Pompeo kept up his sharp criticism of U.S. allies Britain, France and Germany, who didn’t support a U.S. resolution to indefinitely extend the arms embargo on Iran. It was resoundingly defeated a week ago, with only the Dominican Republic supporting the Trump administration.
Pompeo accused the Europeans on Thursday of privately agreeing with the U.S. on the need to extend the arms embargo, but lacking courage to say so publicly and proposing “no alternatives.” Instead, he said, they chose “to side with ayatollahs.”
On Friday, Pompeo said it was “incomprehensible” that the Europeans didn’t support the arms embargo's indefinite extension. “To side with the Russians and the Chinese on this important issue at this important moment in time at the U.N., I think, is really dangerous for the world,” he told Fox News.
Hook again repeated that “there was never a compromise proposal presented by any country” to the United States, but diplomats said there were extensive discussions, including on a six-month or one-year extension, and on lifting the embargo and requiring all arms sales to be approved by the Security Council — but there was no agreement among its 15 members.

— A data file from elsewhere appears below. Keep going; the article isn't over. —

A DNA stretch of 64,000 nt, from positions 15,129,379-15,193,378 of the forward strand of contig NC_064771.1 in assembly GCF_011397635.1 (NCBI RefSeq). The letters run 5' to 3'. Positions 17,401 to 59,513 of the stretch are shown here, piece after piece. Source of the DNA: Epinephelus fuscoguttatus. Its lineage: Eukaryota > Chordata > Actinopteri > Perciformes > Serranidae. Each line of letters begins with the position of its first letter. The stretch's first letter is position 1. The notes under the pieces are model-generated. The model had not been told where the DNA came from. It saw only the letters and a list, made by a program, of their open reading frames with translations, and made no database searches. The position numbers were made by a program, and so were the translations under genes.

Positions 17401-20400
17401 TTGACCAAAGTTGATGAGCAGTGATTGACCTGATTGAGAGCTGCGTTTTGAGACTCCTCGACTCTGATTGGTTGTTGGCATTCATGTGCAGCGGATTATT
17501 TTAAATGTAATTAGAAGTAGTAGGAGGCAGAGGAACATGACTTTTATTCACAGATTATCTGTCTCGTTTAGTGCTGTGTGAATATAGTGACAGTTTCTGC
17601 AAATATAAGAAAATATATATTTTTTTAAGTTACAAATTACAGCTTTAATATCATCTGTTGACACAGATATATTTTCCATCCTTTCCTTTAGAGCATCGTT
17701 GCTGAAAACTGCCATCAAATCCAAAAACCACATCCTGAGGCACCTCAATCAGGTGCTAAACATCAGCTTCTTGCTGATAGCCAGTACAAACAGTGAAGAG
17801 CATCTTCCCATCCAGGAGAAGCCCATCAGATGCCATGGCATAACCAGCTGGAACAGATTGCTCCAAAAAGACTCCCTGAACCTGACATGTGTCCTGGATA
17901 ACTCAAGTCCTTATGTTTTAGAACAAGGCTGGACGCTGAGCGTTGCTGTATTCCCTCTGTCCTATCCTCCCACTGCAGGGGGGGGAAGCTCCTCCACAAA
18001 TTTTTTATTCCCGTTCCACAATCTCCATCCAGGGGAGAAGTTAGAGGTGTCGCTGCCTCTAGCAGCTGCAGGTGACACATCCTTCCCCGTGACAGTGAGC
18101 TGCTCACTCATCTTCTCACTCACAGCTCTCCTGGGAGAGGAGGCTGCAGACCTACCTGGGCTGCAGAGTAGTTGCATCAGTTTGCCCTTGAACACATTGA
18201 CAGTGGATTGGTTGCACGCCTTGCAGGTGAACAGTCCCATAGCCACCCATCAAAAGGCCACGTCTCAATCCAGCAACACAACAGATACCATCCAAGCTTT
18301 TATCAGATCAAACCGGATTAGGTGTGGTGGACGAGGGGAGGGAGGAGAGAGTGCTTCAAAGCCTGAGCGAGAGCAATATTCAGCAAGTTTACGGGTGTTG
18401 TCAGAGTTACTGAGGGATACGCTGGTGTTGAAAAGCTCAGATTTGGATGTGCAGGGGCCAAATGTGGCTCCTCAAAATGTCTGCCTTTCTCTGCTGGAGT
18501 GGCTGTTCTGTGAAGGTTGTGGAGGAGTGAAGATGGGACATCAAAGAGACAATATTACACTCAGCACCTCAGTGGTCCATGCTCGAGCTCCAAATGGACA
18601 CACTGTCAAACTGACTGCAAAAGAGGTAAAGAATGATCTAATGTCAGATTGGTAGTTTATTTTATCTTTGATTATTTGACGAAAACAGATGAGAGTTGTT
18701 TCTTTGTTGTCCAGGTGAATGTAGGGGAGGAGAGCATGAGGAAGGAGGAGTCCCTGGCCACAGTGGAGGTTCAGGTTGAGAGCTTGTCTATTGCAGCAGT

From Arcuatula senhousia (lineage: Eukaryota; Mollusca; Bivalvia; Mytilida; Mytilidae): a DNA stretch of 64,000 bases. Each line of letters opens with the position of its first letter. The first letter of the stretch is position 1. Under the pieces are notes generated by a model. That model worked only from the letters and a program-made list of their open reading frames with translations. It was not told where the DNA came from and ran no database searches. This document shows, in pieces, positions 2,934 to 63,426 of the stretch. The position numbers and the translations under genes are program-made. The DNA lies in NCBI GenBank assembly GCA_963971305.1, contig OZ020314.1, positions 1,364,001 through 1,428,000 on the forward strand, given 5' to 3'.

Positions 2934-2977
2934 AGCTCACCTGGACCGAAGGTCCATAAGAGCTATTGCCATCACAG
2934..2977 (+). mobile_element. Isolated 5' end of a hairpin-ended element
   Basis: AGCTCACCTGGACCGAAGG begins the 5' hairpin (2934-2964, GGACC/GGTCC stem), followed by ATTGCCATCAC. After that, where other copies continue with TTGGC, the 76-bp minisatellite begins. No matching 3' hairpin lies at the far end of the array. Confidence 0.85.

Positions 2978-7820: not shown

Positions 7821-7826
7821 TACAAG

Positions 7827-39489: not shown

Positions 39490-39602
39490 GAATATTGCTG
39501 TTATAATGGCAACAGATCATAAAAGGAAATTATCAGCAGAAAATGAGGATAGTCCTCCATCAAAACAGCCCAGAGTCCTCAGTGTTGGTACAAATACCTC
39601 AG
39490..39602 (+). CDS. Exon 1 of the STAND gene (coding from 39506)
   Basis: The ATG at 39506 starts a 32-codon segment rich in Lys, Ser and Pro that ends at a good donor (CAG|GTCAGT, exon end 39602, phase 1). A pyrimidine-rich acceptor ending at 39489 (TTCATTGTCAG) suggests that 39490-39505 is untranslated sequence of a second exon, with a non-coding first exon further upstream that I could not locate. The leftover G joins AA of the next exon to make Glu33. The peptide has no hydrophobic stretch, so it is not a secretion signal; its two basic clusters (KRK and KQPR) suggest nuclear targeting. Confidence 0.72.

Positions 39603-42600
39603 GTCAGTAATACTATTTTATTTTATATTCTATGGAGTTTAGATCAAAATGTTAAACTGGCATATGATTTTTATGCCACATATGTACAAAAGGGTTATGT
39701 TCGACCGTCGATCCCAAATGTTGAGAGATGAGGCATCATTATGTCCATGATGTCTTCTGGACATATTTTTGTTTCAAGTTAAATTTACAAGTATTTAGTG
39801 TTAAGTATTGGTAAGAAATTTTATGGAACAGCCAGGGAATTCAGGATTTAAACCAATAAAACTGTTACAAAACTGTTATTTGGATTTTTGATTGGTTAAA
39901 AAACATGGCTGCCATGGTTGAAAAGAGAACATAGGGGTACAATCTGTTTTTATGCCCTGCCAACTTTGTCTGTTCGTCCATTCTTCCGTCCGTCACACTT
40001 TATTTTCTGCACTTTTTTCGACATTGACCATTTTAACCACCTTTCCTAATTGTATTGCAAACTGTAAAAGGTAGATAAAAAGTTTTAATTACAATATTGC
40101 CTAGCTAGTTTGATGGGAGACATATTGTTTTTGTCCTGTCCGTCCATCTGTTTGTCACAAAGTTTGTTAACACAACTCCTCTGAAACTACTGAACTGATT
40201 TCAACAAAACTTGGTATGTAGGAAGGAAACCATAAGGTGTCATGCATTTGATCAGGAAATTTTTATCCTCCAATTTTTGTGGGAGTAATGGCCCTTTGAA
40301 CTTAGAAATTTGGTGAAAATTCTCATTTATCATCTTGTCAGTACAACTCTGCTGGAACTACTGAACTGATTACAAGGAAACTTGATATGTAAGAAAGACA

The Europeans are still hoping that an agreement might be reached before the Oct. 18 expiration of the Iran arms embargo that could bridge the major differences between Russia and China, who support its lifting, and the United States, which seeks an indefinite extension, the diplomats said.
Russia has been the most vocal critic of U.S. action to impose snapback. As soon as Pompeo delivered the letter invoking snapback, Russia’s deputy U.N. ambassador, Dmitry Polyansky, tweeted: “Looks like there are 2 planets. A fictional dog-eat-dog one where US pretends it can do whatever it wants without ‘cajoling’ anyone, breach and leave deals but still benefit from them, and another one where the rest of the world lives and where intl law and diplomacy reign.”
Pompeo expressed certainty in a Fox News interview that U.N. sanctions will be restored, saying, “Russia and China can talk a good game today, but I assure you the United States will use every tool in its arsenal to make sure that the Chinese and the Russians are incapable of delivering weapon systems to Iran that threaten us.”
He added, “We will do everything in our power to make sure that they don’t get the money that comes alongside being a global arms dealer as well.” Earlier Friday, Pompeo announced visa restrictions on 14 Iranians, including 13 officials who posed as Iranian diplomats and assassinated Iranian academic and opposition figure Kazem Rajavi in Switzerland in 1990. He was the brother of Iranian opposition leader Massoud Rajavi, who has not been seen since 2003. Pompeo also imposed restrictions on Hojatollah Khodaei Souri, director of Iran’s notorious Evin Prison.
Lee reported from Washington.